Landlord-Resident Laws: These policies outline the legal relationship between landlords and their residents. It encompasses a variety of things, including how much notice a resident must have before a landlord enters their unit, or before they end their lease.

Understanding these factors in any state you might invest in is key to mitigating risk and maximizing profitability in real estate. It will also save you money and headaches.

Next up, here are the 8 U.S. States that are the most landlord-friendly.


1. Alabama

  • Median Property Tax Rate: 0.43% (2nd Lowest in U.S.)

  • No rent control

  • Security Deposits: Up to 1 month’s rent (with exceptions)

  • No late fee restrictions

  • Residents have 7 days after missing a payment before the landlord can file to evict

  • Must provide 2 day’s notice before entering a resident’s unit

2. Colorado

  • 2nd strongest state economy in the U.S. and 1st in overall employment

  • Median Property Tax Rate: 0.52%

  • No rent control

  • No security deposit caps or late fee restrictions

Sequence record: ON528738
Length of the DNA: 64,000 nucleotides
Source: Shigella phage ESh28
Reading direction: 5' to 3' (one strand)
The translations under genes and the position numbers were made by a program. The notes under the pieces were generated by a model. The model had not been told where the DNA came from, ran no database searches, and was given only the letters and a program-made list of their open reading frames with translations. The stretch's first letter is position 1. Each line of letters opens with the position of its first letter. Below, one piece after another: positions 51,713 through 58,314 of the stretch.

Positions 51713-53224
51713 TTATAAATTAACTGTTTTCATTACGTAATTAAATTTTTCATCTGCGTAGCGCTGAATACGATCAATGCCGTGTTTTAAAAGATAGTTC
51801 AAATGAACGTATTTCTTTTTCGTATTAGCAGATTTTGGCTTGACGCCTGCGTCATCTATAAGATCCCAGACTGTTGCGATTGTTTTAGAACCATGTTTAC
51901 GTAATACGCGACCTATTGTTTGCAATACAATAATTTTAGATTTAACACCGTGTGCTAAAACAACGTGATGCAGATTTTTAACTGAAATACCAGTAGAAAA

• Residents have 10 days to pay rent once it’s late before owner can file an eviction

  • No notice is required before entering a resident’s unit

3. Georgia

  • 25th state economy in the U.S. and 9th for business environment

  • Median Property Tax Rate: 0.95%

  • No rent control

  • No security deposit or late fee restrictions

  • Evictions can be filed as soon as rental payment is missed

  • No notice is required before entering a resident’s unit

4. Arizona

  • 4th in the U.S. for population growth and GDP growth

  • Median Property Tax Rate: 0.60%

  • No rent control

  • Security deposit capped at 1.5x the monthly rent